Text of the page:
WOW247’s Best Albums of 2015: 10 – 6
albums of 2015

We continue our countdown of the year’s best albums, based on the choices of our team of music writers.

So far we’ve covered 25 – 21,  20 – 16 and 15 – 11.

Now it’s getting serious as we enter the top 10…

10: Drenge – Undertow

Label: Liberator Music
Released: April 6, 2015

Grungey two-pieces soon fall into the same blues-rock clichés (thanks White Stripes), so these Sheffield-based brothers kept things fresh by recruiting a bassist and putting out an album even tighter than their excellent debut.

‘The Snake’ was the best song they’d ever written, deftly falling between Cobain-esque squall and the kind of indie-rock teenagers can get behind to deliver the ultimate crossover. [AN]

Look out for our interview with Drenge next week

9: Wolf Alice – My Love Is Cool

Label: Dirty Hit Records
Released: June 22, 2015

Easily the breakthrough band of 2015, Wolf Alice’s quick ascension in status makes it easy to forget they’ve been around since 2010. Their debut album saw them embrace the delicate yet grunge-riddled sound of their prior EPs, while cranking up the gritty rock and explosive guitar riffs a notch or three.

What stands out is the juxtaposition between old and new. ‘Giant Peach’ versus ‘Bros’, for example. Successful interplay between soft/hard, quiet/loud, and airy vocals versus punk shrieking – the effect is added depth, and the ability to keep the listener guessing the whole way through. [SS]

Wolf Alice on their debut album: ‘It’s like a taster of what we can do’

8: Girl Band – Holding Hands With Jamie

Label: Rough Trade Records
Released: September 25, 2015

I once read an album review that challenged me to make as much noise as Sonic Youth. I never managed it, but it seems I wasn’t the only one that write-up touched, as Girl Band do away with the whole ‘chord progression’ thing on Holding Hands With Jamie, and rely on advanced guitar techniques to strangle all sorts of wonderful sounds from their instruments. [AN]

Girl Band live review: A totally visceral performance

7: The Cribs – For All My Sisters

Label: Sonic Blew / Sony RED
Released: March 23, 2015

Alex Nelson’s album of 2015…

When The Cribs released their Christmas special live DVD back in 2007, scenes of soundchecks featuring grandiose chord progressions hinted at an unashamedly poppier future. It took them a few albums to realise this pop-dream, and Ryan Jarman’s songs hint at a stunted growth for the Wakefield axe-slinger, but Gary’s Pacific North East sensibilities brought lilting 6/8 signatures to The Cribs’ jangle and resulted in the best album they’d ever produced.

‘Finally Free’ is as bold as it comes, packed with hooks and all the better for it, while tracks like ‘Different Angle’ carry that classic Cribs sound.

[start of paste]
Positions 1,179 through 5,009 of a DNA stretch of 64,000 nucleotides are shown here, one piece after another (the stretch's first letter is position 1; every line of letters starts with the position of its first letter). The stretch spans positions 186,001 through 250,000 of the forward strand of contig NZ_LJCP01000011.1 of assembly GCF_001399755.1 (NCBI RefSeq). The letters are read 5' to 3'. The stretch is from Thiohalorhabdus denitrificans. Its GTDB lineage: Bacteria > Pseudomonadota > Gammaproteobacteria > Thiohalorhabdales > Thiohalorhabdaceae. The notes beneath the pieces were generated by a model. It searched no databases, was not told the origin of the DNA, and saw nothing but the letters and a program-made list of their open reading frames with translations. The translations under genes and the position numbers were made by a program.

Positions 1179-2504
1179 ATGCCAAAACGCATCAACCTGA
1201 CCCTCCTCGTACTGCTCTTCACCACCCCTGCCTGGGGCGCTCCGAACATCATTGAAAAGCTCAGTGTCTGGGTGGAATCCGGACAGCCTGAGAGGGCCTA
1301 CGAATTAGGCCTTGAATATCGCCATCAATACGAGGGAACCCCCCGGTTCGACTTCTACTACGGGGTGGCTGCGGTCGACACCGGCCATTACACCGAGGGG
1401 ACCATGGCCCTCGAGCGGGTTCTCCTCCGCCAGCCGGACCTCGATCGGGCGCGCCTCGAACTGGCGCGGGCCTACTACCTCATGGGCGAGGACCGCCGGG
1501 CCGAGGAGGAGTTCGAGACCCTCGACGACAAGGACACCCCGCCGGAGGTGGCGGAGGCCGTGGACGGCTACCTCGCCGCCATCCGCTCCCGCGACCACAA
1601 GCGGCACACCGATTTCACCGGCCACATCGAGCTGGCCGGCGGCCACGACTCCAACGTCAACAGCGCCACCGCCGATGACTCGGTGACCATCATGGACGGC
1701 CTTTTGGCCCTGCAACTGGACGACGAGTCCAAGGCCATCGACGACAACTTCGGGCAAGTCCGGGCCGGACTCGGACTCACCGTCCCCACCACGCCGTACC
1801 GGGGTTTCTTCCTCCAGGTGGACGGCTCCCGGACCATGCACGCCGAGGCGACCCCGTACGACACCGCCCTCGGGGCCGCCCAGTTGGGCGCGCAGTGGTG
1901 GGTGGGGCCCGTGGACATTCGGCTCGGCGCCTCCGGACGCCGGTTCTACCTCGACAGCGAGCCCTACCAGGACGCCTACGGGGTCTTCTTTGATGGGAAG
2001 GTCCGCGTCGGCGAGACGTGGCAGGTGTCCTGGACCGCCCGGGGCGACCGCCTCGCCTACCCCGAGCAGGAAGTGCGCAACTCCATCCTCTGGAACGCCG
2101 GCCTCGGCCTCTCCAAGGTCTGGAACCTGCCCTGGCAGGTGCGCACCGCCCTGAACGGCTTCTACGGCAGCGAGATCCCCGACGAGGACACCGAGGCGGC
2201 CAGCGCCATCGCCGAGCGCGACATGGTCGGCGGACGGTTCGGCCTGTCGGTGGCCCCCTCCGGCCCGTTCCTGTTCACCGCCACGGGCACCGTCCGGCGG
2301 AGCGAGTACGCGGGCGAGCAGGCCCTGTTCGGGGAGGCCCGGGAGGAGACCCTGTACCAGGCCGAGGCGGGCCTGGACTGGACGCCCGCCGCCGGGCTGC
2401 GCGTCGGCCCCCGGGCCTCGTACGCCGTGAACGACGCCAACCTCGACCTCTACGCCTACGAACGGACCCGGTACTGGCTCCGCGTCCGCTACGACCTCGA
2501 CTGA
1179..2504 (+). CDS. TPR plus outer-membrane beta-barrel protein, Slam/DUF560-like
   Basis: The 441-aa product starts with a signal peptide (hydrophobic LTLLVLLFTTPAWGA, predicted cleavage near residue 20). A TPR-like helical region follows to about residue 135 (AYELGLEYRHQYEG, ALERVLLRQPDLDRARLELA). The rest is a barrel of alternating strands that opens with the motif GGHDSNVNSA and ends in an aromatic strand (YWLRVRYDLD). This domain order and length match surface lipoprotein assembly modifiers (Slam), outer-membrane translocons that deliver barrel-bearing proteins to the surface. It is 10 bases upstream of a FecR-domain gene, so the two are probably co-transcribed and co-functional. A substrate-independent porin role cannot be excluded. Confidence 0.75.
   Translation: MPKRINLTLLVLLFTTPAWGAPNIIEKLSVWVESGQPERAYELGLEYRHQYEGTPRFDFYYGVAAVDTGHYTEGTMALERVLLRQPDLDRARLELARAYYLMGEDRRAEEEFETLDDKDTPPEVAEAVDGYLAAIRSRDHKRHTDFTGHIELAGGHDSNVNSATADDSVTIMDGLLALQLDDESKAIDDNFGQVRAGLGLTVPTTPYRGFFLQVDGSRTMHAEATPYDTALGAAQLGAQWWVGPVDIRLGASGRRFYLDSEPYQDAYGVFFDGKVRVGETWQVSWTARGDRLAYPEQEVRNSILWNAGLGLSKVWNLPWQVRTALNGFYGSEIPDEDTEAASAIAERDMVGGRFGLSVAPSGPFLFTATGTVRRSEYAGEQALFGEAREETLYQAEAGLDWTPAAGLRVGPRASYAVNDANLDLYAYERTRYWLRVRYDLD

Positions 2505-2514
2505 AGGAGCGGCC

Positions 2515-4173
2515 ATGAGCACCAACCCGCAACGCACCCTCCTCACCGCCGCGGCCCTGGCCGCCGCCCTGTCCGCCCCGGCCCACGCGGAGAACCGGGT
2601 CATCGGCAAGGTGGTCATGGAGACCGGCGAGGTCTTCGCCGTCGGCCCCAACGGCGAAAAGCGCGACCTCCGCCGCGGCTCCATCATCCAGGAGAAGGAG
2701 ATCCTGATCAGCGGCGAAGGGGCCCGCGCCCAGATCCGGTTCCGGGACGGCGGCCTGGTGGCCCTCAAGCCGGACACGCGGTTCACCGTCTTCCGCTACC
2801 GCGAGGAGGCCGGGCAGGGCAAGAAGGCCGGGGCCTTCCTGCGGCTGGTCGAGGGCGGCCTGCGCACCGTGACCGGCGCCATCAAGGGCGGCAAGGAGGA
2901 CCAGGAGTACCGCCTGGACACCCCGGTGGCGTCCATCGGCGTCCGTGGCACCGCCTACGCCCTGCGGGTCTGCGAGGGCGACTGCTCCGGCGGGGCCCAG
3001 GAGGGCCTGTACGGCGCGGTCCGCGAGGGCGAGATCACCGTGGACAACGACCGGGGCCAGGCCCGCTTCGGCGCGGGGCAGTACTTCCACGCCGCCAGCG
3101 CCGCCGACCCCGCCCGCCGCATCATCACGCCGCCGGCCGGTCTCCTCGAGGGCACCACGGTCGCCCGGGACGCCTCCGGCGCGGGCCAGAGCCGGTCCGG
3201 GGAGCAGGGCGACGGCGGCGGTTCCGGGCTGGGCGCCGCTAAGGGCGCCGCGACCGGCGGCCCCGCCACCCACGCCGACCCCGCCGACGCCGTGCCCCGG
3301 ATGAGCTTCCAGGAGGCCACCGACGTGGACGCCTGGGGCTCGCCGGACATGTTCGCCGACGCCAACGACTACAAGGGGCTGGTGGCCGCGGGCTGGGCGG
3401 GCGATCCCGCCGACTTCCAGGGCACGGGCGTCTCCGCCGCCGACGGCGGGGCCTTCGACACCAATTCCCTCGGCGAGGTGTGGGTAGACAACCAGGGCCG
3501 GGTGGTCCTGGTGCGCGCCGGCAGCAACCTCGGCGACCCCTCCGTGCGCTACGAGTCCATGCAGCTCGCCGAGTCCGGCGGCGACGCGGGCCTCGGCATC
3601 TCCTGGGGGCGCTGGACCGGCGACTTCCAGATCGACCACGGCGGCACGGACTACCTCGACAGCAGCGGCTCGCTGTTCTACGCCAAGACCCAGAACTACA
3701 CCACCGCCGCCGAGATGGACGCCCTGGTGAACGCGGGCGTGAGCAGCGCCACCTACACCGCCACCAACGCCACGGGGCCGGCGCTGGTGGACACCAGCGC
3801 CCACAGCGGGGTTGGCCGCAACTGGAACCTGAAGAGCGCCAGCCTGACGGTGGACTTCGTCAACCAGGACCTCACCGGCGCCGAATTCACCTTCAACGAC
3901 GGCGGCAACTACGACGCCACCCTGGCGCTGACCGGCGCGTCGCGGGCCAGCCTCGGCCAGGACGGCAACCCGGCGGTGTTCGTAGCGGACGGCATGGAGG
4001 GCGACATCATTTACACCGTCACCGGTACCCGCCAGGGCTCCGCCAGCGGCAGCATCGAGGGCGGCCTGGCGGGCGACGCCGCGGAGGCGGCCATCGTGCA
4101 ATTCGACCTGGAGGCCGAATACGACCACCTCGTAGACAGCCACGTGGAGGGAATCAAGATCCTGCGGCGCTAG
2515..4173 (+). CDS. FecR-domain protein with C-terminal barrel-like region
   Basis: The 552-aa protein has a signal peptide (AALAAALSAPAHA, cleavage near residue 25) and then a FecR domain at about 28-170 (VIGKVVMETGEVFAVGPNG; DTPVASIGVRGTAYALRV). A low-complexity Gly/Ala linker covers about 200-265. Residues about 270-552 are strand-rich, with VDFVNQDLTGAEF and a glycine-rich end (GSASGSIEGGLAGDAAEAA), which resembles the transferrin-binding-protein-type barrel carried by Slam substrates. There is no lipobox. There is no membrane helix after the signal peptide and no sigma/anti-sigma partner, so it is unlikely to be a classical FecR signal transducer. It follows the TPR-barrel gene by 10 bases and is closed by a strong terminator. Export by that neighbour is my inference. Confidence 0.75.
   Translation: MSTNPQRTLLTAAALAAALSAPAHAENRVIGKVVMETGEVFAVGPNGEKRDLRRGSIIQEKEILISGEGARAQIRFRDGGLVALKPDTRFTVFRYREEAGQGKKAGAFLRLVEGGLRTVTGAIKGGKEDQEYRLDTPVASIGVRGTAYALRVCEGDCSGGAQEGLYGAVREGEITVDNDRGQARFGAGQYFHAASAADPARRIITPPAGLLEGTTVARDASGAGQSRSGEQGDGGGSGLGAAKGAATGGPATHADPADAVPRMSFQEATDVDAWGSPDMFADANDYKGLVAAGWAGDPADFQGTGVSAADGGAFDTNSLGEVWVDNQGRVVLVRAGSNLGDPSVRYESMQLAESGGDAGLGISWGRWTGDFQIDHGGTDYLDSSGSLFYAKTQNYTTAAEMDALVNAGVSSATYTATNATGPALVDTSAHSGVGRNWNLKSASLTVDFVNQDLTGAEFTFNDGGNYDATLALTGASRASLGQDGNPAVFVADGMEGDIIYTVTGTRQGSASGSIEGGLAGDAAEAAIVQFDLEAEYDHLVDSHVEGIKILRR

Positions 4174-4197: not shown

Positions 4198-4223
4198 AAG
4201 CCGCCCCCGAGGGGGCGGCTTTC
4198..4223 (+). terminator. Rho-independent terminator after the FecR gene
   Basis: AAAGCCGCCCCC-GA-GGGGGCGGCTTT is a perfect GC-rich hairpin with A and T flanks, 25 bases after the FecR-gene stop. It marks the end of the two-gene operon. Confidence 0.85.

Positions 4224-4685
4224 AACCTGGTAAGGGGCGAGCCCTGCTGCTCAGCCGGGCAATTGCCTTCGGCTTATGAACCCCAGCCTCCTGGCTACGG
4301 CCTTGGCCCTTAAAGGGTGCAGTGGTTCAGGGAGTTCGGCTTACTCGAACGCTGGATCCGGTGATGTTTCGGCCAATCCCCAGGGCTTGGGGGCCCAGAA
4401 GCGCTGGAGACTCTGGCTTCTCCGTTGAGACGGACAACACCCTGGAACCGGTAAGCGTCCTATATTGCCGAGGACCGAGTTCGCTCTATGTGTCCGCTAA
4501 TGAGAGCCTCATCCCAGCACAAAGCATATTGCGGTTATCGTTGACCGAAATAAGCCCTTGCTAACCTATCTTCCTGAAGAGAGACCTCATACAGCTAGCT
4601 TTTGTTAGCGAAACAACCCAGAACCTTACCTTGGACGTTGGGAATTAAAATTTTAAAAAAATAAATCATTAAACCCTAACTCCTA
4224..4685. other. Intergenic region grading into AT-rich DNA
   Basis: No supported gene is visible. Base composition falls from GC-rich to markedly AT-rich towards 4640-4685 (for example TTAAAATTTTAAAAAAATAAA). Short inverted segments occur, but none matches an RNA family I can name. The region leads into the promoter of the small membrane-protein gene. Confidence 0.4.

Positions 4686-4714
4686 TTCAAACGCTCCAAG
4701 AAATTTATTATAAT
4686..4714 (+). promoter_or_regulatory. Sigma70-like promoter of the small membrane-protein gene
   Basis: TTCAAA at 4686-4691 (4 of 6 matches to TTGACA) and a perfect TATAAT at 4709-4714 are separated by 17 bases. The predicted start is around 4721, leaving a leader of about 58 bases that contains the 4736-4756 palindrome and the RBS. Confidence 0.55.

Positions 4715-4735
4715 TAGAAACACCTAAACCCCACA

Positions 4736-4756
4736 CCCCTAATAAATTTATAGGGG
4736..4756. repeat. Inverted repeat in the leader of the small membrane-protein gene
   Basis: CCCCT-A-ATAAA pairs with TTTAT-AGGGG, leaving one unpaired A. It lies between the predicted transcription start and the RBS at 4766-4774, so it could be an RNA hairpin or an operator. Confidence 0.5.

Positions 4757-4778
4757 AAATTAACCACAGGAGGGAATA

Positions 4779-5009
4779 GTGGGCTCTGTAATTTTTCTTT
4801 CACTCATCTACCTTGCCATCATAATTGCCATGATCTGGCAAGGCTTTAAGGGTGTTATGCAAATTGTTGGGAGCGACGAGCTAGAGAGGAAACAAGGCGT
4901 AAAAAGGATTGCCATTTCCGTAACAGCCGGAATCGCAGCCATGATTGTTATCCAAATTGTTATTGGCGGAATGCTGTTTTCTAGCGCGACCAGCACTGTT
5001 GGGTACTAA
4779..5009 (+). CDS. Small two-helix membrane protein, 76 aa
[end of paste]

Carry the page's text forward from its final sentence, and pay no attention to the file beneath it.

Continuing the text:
A repackaged version featuring all of the brilliant b-sides is more than worth your time (check it out on Spotify), and shows a band working at their creative best. That I now try to replicate the Jarman drawl every time I pick up a guitar means For All My Sisters is hands down my album of the year.

With a reported two albums’ worth of material under their belt, it’ll be interesting to see what comes next for the band, who’ve not really put a bad album out yet. And no, the Johnny Marr one doesn’t count…

The Cribs interview: ‘We got lumped in with the British bubble of guitar bands’

6: Girlpool – Before the World Was Big

Label: Wichita Recordings
Released: June 2, 2015

Siobhan Smith’s album of 2015…

The defiant yet openly childlike quality of Girlpool’s music makes it essential listening for anyone in their 20s or 30s – particularly if you’re in the midst of some sort of existential crisis. The follow up to their equally brilliant self-titled EP, Before the World Was Big is a special collection of songs.

The pair have described the LP as being “a search for identity.” Singing about gender, sexuality and growing up, the LA duo explore the transitional period between adolescence and adulthood. The simplicity and honesty of their introspective lyrics ring true throughout this record.

In typical punk style Girlpool don’t tend to labour their point and the album consists of ten songs; each one short, sweet and brilliant.

The stringent vocal harmonies and minimalist plucking of opening track ‘Ideal World’ is a perfect introduction to the record and its lo-fi musings. The first words uttered by Cleo and Harmony are a neat taster of what’s to come: “I thought I found myself today / No one’s noticed, things are OK.”

At times angry, at times melancholy, never perfect and always emotive; this is perhaps the most under-appreciated album of the year.

Contributors: Alex NelsonSiobhan Smith

The top 25 so far

25: Four Tet – Morning / Evening
24: The Maccabees – Marks To Prove It
23: Belle and Sebastian – Girls in Peacetime Want to Dance
22: Hooton Tennis Club – Highest Point In Cliff Town
21: Young Fathers – White Men Are Black Men Too
20: Metz – II
19: Tame Impala – Currents
18: Vince Staples – Summertime ’06
17: Kagoule – Urth
16: Beach House – Thank Your Lucky Stars
15: Sleaford Mods – Key Markets
14: Foals – What Went Down
13: FFS – FFS
12: The Libertines – Anthems for Doomed Youth
11: Father John Misty – I Love You Honeybear
10: Drenge – Undertow
9: Wolf Alice – My Love Is Cool
8: Girl Band – Holding Hands With Jamie
7: The Cribs – For All My Sisters
6: Girlpool – Before the World Was Big

We’ll be announcing the Top 5 tomorrow (Friday).

What was your favourite album of 2015?

We want to hear your choice for the best album of the year. Have your say by tweeting #wow247 or posting a comment on our Facebook page.